We embrace the idea that the best way to cultivate lifelong skills is to spend a lot of time practicing with the right kind of guidance and coaching. To that end, we developed the High Intensity Practice (HIP) program for students in the Upper Division. The program, which we call HIP Thinking, encompasses both math and writing skills. In writing sessions, students are given 20 minutes to write, uninterrupted and in silence, on a variety of prompts. In math sessions, students spend the same amount of time solving problems in small groups. The prompts and problems are designed to provoke bold responses and encourage students to take inventive risks. In these short bursts of creative and analytical freedom, students cultivate essential cognitive skills – mental agility, empathy, extended concentration and stamina – through persistent practice. From 6th to 11th grade, all students take HIP Thinking classes every other day, alternating between math and writing.
Some examples of HIP writing prompts include:
In addition to developing better writers and more nimble problem solvers, the HIP Thinking program allows students to regularly engage in a deeper kind of thinking than that normally demanded in other classroom settings. By practicing often and over a number of years, students develop a set of thinking skills related to the brain’s key executive functions: working memory, cognitive flexibility and inhibitory control (executive function is often likened to the air traffic control system of the brain). HIP may also improve the ability to think abstractly, reason and discern patterns – markers of what psychologists refer to as fluid intelligence. Executive function is strongly associated with long-term academic achievement across disciplines and success in life, more so than even IQ.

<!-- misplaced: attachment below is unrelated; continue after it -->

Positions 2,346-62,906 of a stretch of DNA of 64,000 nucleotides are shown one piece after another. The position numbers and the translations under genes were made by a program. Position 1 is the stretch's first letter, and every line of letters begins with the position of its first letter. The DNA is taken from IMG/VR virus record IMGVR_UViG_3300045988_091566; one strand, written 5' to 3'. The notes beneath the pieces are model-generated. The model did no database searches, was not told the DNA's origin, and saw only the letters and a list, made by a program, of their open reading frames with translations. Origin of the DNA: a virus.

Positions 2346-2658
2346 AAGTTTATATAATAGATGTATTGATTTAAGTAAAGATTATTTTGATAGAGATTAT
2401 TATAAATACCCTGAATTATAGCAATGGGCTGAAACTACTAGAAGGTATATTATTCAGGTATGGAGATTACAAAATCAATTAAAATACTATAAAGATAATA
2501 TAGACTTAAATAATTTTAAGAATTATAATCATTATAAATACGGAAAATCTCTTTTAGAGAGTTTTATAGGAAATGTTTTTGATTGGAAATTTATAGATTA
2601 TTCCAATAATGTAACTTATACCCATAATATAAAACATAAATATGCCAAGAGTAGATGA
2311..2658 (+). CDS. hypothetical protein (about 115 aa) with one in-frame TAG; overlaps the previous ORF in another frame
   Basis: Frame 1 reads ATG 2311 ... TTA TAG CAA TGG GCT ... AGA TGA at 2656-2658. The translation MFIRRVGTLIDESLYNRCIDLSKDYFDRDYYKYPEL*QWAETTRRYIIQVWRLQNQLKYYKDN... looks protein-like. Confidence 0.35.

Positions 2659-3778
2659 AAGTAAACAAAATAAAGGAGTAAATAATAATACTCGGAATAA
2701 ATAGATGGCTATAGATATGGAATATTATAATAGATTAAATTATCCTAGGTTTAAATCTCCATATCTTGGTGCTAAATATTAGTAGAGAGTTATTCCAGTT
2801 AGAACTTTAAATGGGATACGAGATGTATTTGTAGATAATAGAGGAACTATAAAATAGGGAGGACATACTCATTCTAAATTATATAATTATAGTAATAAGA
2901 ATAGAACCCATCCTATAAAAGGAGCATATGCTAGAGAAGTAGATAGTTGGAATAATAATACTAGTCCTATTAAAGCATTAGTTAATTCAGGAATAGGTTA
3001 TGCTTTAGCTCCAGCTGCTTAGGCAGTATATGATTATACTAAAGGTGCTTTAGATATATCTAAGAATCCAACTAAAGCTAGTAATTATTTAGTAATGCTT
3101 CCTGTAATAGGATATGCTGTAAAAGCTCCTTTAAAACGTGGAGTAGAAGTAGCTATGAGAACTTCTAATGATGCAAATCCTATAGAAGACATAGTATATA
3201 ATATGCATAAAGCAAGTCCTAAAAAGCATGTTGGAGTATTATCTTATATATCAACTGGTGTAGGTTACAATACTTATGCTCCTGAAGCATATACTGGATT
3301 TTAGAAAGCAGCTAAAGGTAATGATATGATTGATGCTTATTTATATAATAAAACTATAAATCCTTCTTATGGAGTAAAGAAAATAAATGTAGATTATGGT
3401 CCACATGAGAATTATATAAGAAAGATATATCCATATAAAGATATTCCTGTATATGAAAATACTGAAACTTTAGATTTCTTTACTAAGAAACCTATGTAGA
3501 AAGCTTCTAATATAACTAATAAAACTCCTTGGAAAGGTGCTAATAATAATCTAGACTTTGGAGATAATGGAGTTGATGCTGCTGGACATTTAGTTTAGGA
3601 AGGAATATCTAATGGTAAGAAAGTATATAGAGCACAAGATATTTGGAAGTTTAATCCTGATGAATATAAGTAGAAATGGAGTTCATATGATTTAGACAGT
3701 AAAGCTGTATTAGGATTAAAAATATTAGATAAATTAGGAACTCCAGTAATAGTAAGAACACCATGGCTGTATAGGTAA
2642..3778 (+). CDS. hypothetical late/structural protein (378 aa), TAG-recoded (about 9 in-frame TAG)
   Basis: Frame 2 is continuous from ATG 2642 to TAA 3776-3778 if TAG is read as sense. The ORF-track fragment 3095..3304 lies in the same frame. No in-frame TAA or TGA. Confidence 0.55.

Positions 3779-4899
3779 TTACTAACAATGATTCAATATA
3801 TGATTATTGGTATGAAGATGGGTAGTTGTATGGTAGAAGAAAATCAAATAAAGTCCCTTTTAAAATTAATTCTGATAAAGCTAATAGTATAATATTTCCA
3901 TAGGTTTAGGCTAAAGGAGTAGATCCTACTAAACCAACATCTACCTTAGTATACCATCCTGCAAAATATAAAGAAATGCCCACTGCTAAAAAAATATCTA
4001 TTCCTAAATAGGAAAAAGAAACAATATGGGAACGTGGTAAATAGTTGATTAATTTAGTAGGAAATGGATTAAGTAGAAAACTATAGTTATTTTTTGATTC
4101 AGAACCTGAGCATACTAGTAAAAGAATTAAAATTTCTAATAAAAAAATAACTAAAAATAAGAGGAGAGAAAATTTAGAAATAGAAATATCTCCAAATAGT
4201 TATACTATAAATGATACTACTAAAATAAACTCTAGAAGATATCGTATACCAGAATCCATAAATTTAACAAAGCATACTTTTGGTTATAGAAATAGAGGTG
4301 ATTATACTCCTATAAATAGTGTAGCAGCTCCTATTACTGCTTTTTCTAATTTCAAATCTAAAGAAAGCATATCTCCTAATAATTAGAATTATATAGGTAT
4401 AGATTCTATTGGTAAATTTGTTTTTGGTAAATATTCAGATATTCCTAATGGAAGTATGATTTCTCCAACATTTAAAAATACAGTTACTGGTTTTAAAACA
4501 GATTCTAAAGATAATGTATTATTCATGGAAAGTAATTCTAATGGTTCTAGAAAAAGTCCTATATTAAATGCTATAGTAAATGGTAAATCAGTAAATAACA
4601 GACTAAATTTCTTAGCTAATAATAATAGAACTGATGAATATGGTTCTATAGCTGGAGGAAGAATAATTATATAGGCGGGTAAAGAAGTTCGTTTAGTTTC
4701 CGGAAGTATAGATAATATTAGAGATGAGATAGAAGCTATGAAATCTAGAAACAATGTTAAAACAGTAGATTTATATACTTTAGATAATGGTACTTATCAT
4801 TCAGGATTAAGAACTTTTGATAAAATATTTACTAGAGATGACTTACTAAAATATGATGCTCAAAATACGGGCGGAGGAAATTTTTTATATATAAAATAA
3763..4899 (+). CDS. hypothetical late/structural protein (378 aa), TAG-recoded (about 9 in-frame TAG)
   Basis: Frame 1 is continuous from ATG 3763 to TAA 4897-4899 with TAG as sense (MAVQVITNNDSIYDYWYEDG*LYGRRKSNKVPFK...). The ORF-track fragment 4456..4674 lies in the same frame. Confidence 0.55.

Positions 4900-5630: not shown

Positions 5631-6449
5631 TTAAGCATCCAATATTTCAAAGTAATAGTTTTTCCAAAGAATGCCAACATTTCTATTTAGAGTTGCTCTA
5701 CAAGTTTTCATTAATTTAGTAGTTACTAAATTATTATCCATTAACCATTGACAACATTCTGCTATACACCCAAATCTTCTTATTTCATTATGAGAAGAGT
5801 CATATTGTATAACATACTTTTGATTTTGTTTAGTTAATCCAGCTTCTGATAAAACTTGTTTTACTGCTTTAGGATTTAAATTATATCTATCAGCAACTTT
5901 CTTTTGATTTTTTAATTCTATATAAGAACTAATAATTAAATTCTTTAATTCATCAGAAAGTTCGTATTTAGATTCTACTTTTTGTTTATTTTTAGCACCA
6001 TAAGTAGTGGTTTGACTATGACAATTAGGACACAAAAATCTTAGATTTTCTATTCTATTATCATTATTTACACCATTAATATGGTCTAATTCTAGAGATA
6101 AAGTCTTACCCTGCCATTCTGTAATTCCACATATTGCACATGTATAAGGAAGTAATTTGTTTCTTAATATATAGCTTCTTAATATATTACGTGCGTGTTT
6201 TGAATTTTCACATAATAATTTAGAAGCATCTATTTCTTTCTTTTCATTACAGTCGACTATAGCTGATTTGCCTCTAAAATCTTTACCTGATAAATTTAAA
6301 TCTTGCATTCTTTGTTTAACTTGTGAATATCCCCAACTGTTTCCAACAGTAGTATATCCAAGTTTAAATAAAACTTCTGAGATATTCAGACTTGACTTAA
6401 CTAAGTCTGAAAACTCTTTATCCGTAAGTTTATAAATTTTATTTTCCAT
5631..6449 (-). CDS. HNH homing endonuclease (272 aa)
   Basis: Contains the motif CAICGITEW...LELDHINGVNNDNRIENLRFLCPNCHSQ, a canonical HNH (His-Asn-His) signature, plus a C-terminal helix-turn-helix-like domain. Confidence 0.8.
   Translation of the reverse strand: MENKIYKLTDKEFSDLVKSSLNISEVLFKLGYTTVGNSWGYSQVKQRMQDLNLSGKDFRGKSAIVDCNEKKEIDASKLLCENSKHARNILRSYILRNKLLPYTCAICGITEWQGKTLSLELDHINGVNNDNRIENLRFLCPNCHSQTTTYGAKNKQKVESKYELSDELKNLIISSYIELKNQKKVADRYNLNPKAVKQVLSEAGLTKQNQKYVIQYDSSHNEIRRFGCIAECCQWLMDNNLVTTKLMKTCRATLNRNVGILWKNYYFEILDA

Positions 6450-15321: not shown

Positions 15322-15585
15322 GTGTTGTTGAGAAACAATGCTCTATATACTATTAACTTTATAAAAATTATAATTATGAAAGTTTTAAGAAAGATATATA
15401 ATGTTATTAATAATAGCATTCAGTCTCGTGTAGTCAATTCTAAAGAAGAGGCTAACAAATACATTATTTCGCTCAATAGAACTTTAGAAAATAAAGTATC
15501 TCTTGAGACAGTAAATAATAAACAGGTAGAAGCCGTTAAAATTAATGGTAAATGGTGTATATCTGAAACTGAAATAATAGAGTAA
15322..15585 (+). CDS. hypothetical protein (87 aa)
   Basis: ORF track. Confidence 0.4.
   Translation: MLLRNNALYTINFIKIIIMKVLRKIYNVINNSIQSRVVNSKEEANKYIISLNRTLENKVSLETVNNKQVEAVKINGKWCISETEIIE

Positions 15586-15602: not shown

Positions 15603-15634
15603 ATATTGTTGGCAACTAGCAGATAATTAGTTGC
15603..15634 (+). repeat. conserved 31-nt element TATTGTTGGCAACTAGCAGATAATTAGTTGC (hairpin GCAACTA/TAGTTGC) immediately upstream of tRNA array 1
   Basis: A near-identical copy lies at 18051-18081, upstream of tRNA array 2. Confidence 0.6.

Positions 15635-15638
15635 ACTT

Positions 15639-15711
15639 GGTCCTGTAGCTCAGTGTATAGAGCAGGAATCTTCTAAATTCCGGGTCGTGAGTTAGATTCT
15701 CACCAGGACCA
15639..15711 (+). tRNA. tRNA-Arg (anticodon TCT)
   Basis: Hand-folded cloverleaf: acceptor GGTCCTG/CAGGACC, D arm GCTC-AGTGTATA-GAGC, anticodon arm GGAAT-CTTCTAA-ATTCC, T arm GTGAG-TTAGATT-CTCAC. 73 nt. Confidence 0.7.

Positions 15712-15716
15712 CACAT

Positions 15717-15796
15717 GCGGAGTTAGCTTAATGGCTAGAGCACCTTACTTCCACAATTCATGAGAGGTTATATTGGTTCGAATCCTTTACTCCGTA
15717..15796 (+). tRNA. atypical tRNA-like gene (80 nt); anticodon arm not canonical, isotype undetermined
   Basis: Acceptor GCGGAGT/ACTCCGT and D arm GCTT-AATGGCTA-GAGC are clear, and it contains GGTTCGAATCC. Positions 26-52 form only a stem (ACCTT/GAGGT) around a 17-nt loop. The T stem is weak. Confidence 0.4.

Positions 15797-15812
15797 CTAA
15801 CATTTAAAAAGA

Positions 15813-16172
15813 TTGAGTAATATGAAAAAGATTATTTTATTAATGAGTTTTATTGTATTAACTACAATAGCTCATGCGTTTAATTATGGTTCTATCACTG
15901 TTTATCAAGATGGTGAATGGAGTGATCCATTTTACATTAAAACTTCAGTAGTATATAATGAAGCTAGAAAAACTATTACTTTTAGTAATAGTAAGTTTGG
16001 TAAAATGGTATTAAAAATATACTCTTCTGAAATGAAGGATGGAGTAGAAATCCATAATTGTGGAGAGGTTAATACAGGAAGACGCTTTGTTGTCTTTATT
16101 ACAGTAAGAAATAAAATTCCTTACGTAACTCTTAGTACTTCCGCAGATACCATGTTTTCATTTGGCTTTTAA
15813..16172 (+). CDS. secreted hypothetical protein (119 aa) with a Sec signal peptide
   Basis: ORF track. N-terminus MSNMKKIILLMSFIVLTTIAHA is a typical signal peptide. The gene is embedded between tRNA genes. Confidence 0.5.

A typical HIP Thinking session includes the following steps:
The long-term benefits of HIP are the subject of ongoing research at Avenues, but an initial yearlong study in the 2016-17 school year provided empirical evidence of strong growth in thinking skills. As a regular part of the Upper Division schedule, HIP Thinking builds the intellectual “muscle memory” that will enable students to unleash their creativity while staying focused – in college and beyond.
Our viewbook provides a comprehensive summary of an Avenues education.
February 14, 2019
The 7th grade Mandarin Chinese class moved on to complete a new project, called “给校长的建议信,” or ”writing persuasive letters about school issues to the head of school.”
February 12, 2019
What do you do with a classroom full of kindergarteners when it snows?
February 8, 2019
The 11th grade U.S. history classes were tasked with breaking into small groups and designing a memorial for Andrew Jackson that somehow took into account the complex nature of his presidency.
February 7, 2019
The pre-K Penguins and Seals decided to turn our uninspiring dramatic play corner into a full working campsite – a close getaway that would feel quiet and cozy.
February 6, 2019
This winter, the 7th and 8th graders of Avenues presented their "Totally 80s" chorus concert. These 21st-century students explored the history, fashion and culture of the late 20th century through the lens of 1980s music.